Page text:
Indeed, it is a mistake to use the WPI as a replacement for the CPI, which is what it has emerged to be for policy purposes and for market participants in India.

The distinction between the two has become more important owing to the sharp upturn in global commodity prices that impact input price inflation far more than final goods prices as captured by CPI inflation.

The latter is what central banks actually attempt to manage by affecting aggregate demand. Either the central bankers in the rest of the world have got it wrong or the RBI has it upside down and needs to explain the unique tools it has to manage input price changes.

But whatever the compulsions of using WPI as a key metric of inflation, it is a faulty measure for deciding interest rates.

Actually, India's unique focus on WPI when global commodity prices are rising probably overestimates the underlying inflationary pressures, even as higher commodity prices will keep inflation higher for longer, essentially a new higher normal for inflation.

Obviously, there is some impact of final consumer demand on input prices but it is unlikely to be 100 per cent of the pass-through of higher input prices that are captured in WPI inflation.

Thailand offers a good example (but not the only one) of inflation dynamics in an economy where the output gap has closed. In 2010, inflation measured by the producer price index (PPI) was 9.4 per cent but CPI inflation was only 3.3 per cent.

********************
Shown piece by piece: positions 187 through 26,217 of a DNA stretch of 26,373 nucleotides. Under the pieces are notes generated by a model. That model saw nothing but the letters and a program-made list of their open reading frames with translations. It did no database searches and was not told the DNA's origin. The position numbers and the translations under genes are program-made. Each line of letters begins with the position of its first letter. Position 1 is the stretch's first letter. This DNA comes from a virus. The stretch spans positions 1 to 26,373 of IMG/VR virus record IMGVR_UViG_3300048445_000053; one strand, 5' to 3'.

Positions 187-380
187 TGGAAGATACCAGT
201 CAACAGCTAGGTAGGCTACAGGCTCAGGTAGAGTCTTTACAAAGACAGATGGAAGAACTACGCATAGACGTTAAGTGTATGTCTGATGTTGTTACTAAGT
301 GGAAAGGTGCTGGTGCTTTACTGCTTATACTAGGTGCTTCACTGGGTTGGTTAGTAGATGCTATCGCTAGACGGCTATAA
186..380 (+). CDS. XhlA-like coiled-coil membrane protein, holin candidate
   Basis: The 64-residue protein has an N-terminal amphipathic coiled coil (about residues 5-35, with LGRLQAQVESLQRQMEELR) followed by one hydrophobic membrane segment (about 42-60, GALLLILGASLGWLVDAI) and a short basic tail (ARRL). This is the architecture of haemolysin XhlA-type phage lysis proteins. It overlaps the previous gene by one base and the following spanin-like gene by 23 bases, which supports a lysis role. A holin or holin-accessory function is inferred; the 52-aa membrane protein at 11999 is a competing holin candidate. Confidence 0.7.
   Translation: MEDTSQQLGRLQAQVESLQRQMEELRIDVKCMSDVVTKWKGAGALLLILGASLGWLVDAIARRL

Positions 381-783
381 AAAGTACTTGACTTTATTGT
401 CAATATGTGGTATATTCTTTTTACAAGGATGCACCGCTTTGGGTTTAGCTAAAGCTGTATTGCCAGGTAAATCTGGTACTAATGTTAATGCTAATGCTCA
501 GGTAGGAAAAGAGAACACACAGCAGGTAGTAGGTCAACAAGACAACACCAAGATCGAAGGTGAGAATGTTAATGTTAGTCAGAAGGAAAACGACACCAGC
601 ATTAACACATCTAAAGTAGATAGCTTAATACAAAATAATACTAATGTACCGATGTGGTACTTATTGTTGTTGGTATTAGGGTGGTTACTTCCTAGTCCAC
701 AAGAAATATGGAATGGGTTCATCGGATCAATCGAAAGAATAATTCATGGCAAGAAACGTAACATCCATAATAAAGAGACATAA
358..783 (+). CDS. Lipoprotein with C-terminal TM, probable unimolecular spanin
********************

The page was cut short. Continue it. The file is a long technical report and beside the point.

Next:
The Bank of Thailand (BoT) focuses on CPI, not PPI. If it focused on input prices like the RBI, the BoT's monetary policy would have been on a totally different -- and incorrect -- trajectory.

The RBI's characterisation of higher non-food manufactured goods WPI (a crude measure of core input inflation, not core final goods inflation) as reflecting stronger aggregate demand affecting inflation is totally incorrect, in my humble opinion.

Indeed, higher global commodity prices and/or upward adjustment in domestic administered fuel prices will result in higher core WPI inflation, even if demand conditions remain unchanged or are weakening!

Should the RBI raise rates by 25 bps or 50 bps on May 3? The most bogus argument for a 50-bp increase is that it will restore the RBI's credibility -- not the first time we have heard that.

I'd vote for a 25-bp hike accompanied by a hawkish statement that accurately lays more emphasis on inflation now being less affected by demand-side factors owing to the ongoing policy response.

The RBI has rightly stayed away from a one-step 50bp hike so far in the current tightening cycle, and it is not necessary to alter that approach this late in the cycle, especially since it meets every six weeks. Also, we do not know how the monsoon is going to play out.

The RBI needs to act but it should not go overboard now even as it attempts to clarify its misconstrued focus on WPI inflation for setting interest rates.

Indeed, a risk-reward assessment still favours staying with a 25-bp increase. Financial stability in a topsy-turvy world remains important and we must avoid a repeat of the mid-1990s experience of killing inflation by killing growth.

The author is senior economist at CLSA, Singapore. The views expressed are personal.